On April 11 2013, a Catholic priest was honored at the White House. It may be the first time that the United States has bestowed an award on someone who was at the same time being considered for sainthood. His name is Fr. Emil Joseph Kapaun.
He was born on April 20, 1916 to immigrants from the Czech republic. After he was ordained a priest in 1940, he decided to serve as an army chaplain at the end of World War II and was eventually sent to Korea in July of 1950.
During one especially fierce battle, he was given the opportunity to fall back to a safer location in the field. However, he refused, preferring to stay by the side of the wounded and dying. He was finally captured by the Chinese forces and was marched 87 miles to a prisoner of war camp in North Korea.
Though he was often threatened by the guards, he defied their orders, visiting the other prisoners to offer them comfort, hear their confessions, offer Mass and encourage them. Often he would go without food to share it with the sick.
He died in the prisoner of war camp of starvation and pneumonia on May 23, 1951.
Those soldiers who knew Fr. Kapaun called him their hero. His humility and love helped them endure imprisonment, torture and hours of interrogation. He was also remembered for the holiness of his life which radiated through all he did.
In today’s gospel, Jesus encourages us to love one another as He has loved us. He tells us in another place in Saint John’s gospel that there is no greater love than to lay down one’s life for another. Jesus showed this love by His willingness to be humiliated, scourged and crucified for our sins. Fr Emil Kapaun also gives us an example of such love in everything he did, especially in his willingness to sacrifice his comfort, his health and eventually his life for his brother soldiers.
It is precisely this type of love that Christ is calling us to express in our everyday lives. We often think of love merely as a feeling of affection between spouses, family members or friends. It is an emotion or an attachment that is shared and reciprocated. If I love you, I expect you to love me back. We know also that this type of love does not always last. We lose touch with friends or we get into conflicts with them that cause resentment. The minute one person stops loving the other, the relationship comes to an end.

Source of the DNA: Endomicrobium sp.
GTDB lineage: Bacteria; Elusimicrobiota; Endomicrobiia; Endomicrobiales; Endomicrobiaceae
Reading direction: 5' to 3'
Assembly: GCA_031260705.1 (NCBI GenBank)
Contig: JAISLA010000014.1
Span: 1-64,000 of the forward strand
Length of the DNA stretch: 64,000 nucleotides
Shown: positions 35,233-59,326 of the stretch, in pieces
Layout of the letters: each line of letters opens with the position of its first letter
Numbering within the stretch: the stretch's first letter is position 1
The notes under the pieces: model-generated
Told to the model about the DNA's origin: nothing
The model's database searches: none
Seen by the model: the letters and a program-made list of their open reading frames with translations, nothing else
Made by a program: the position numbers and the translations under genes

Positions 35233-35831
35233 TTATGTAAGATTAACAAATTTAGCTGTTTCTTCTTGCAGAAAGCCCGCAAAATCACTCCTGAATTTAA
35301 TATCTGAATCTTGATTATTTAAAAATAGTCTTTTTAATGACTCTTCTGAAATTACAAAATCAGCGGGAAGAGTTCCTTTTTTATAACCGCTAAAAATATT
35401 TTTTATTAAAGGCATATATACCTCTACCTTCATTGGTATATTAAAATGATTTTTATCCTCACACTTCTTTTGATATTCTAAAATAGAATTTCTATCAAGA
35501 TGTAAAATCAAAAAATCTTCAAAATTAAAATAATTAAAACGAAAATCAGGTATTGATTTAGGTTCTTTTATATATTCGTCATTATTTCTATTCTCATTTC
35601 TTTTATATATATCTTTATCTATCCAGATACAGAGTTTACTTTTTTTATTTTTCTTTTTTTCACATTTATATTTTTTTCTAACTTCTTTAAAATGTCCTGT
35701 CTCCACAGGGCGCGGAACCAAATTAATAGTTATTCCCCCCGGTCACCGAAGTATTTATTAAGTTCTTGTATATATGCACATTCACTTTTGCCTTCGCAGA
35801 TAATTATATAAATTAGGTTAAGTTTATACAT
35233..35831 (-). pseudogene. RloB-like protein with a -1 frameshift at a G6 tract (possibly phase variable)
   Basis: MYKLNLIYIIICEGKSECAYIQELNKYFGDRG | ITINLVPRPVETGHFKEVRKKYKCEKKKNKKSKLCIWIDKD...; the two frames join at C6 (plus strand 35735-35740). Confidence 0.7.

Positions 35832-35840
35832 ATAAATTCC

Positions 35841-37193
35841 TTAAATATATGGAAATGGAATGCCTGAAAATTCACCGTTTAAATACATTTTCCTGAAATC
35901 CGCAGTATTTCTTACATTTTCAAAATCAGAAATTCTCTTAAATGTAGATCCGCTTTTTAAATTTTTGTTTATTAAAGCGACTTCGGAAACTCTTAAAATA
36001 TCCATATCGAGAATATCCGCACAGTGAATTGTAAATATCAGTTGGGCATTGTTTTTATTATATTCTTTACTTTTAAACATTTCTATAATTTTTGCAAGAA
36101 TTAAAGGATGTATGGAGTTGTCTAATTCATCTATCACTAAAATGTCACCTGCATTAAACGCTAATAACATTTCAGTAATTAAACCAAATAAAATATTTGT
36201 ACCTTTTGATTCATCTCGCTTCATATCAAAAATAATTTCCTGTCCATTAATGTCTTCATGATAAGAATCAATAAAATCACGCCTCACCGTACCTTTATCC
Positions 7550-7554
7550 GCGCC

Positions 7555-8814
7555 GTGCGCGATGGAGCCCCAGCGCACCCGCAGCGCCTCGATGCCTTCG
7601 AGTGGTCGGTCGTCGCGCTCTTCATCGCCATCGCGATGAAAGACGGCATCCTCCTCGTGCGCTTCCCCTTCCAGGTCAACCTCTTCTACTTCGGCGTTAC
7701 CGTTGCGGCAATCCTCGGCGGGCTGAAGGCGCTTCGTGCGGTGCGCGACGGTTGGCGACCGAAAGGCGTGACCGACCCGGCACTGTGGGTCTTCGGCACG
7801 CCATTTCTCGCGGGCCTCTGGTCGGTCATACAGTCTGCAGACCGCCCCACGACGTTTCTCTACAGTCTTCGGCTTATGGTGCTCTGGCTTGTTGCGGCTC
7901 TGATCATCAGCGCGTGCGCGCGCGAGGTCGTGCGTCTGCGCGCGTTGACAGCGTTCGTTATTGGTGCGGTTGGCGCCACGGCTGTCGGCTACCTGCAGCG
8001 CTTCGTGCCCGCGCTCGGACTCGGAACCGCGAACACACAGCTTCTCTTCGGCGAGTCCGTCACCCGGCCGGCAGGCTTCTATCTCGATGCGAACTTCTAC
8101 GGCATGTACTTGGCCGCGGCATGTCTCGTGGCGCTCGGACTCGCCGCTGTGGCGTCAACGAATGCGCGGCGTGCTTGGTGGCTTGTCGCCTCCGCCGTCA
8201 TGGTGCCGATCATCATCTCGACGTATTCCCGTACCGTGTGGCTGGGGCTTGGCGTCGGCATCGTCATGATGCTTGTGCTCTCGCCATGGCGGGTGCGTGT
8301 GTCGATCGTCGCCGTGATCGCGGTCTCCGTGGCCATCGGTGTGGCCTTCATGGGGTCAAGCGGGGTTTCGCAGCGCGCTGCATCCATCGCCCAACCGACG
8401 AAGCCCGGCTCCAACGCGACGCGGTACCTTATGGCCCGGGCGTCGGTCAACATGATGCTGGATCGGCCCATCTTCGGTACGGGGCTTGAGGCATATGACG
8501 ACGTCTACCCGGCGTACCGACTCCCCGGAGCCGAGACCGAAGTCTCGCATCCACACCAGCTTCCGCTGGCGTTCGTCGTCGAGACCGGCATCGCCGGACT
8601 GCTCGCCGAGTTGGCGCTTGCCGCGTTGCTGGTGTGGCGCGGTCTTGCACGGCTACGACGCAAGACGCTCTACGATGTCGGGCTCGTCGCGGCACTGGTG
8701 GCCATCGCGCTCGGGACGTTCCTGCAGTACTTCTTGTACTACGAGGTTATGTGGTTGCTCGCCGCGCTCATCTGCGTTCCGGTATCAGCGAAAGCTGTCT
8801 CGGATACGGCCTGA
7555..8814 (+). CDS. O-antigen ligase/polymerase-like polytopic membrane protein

However, this is not the type of love which Jesus is calling us to have. This is not the type of love that sets His disciples apart from other groups. Rather, the love of Jesus is totalling different than the type we sing about in our popular songs or see portrayed in movies. It is not based on feelings, on whether the other person loves us back or on how convenient the relationship is. Instead, Jesus’ love is unconditional, sacrificial and permanent.
First of all, the love of Jesus is unconditional. Our God loves each and every person without distinction. He loves sinners and saints. He loves us when we are far from Him and when we are close to Him. There is no limit to our Heavenly Father’s love. Therefore we, as His children, are called to do the same. We must love those who love us and those who hate us. We must love those whom it is easy to love and those whom it is difficult to love. There is no one who is unlovable for a Christian. Jesus makes it clear to us that we will be judged by how we have loved. That love will be measured not by the person we love the most but by the person we love the least.
Secondly, Jesus’ love is sacrificial. The greatest act of love the world has ever known is Jesus’ death on the cross. He embraced death to save us. He was willing to take on our human weakness so that we could have a new friendship with our Heavenly Father. As followers of Christ, we must sacrifice for others. We must continually put the interests of others before our own. We must go without so that others may have what they need. As Saint Elizabeth Ann Seton put it, “We must live simply so that others may simply live.” It is that type of love, a love that is willing to sacrifice, that is a true reflection of the love of Jesus.
Finally, the love of Jesus is permanent. God never stops loving us. He never grows tired of providing us with what we need. Just so, our love must be permanent and faithful. Love is not based on feelings which change over time. Rather, real love is a decision to give of ourselves to others. It is a commitment to actualize the good of our neighbor and even our enemy no matter what the cost to us personally. Such love does not waver amid hardship, does not wither in the face of criticism and does not get discouraged because of failure. It is like the love of God who holds us in being from the moment of our conception to eternity.
The love of God is demanding. It requires much of us. The only way it is possible to live such a love is to realize that God has loved us first. When we experience the unconditional, sacrificial and permanent love of our Heavenly Father, we will find the strength and inspiration to love in just the same way. It is the love that Jesus showed on the cross. It is the love that Fr Emil Kapaun and countless other saints have shown in their ministries. And it is that love that we are called to show in everything we do.